Paid Parental Leave Amendment (COVID-19 Work Test) Bill 2021
31 Aug | '2021
I rise to speak on the Paid Parental Leave Amendment (COVID-19 Work Test) Bill 2021. I will start by asking why paid parental leave is so important. On this side of the House we really believe that the family is the building block of society and that keeping families together and strong is critical for society to function well and, indeed, to thrive. No-one knew that more than Sir Robert Menzies. That is why his government, in 1941, introduced a payment of just five shillings per week for each child in a family after the first. As the minister, it was actually Harold Holt’s task to introduce a national child endowment scheme for baby boomers like my parents and their mothers. At the time Mr Holt was the only bachelor in parliament, and he was widely featured in popular magazines like The Australian Women’s Weekly, which was unable to resist the opportunity to declare him ‘the godfather of a million children’. Of course, later, in 1966, he was Prime Minister for a short time before his tragic disappearance. I just wanted to highlight for the House that it was under Menzies that these sorts of payments came to the fore.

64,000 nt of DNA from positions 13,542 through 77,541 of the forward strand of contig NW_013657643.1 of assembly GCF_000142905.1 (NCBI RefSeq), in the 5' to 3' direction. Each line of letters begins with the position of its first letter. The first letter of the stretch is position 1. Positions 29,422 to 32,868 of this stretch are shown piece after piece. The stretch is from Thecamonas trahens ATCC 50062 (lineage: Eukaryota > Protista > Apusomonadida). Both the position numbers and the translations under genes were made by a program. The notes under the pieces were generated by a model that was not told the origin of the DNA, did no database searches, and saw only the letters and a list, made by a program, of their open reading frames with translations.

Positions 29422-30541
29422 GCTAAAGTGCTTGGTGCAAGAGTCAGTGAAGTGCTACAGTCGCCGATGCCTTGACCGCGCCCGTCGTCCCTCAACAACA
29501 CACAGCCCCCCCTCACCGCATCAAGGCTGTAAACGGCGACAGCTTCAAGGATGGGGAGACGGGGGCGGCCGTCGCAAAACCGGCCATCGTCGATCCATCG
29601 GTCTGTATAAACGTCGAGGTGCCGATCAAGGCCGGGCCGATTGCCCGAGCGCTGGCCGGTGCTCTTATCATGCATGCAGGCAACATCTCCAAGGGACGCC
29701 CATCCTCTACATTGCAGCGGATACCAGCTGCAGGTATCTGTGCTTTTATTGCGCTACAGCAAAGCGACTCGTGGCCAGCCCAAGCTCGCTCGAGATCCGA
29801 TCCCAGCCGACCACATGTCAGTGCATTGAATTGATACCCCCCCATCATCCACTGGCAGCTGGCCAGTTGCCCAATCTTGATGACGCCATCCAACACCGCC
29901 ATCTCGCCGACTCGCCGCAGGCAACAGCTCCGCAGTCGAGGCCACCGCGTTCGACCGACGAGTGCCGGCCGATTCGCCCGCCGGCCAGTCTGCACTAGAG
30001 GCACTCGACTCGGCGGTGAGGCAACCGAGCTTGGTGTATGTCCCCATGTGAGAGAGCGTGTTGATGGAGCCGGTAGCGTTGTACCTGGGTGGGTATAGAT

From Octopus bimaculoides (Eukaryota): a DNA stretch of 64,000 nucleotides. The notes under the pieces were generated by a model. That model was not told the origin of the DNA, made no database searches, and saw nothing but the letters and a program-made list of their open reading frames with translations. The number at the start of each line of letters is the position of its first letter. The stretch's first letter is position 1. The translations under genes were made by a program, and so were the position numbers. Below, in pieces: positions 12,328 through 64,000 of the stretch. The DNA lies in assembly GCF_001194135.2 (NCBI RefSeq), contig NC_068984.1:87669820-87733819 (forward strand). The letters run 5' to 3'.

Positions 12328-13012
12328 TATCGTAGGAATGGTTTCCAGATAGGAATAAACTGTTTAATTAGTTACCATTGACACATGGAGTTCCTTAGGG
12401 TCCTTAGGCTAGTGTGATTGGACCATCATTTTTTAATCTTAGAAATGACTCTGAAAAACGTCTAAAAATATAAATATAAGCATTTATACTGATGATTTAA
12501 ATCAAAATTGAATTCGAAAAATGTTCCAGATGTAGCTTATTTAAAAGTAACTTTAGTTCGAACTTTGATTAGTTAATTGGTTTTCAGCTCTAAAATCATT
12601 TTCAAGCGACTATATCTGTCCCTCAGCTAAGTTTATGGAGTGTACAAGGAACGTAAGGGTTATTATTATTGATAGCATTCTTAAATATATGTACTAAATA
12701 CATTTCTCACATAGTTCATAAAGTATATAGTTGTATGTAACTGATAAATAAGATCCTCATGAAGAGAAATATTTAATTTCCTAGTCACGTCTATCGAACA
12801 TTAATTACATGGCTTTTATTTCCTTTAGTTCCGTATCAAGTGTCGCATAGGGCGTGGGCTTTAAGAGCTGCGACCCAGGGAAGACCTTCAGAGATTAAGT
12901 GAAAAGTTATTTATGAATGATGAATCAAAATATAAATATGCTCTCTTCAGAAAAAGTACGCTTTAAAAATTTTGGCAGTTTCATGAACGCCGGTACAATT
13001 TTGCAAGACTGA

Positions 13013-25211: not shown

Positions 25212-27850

What was really significant about those first child endowment payments was that those payments were paid directly into the mothers’ bank accounts. It was often the only money that women could call their own at that time. I remember my late mother, Barbara, talking about the child endowment, which by that point had been renamed the family allowance. It helped my mother pay for groceries and buy school uniforms, books and sometimes a small treat, like a finger bun and a cappuccino, after visiting a doctor after school on a weekday.
I haven’t actually had a child myself, but my mother had four, and family payments from the Commonwealth certainly helped my parents provide for the four of us children. They were both low-income workers in the city of Playford, in Elizabeth, in South Australia. That was one of the country’s manufacturing hubs at that time. My aunt, who I messaged earlier today about this area, said to me that no-one went to child care back then and that we relied on the family to look after us, if mum had to go to work, until we were four and we could go to kindy.
However, I am a step-grandmother. My grandsons call me ‘Bbar’, which, of course, I love and enjoy. Like many grandparents around the country, I am missing those special occasions, like my grandson Archie’s fifth birthday next week, and visiting my younger grandson, Freddie, in New Zealand at the moment, all due to COVID lockdowns. My heart goes out to and my thoughts are with those grandparents and parents who are separated from their children at this time during COVID-19 lockdowns. My heart goes out to them.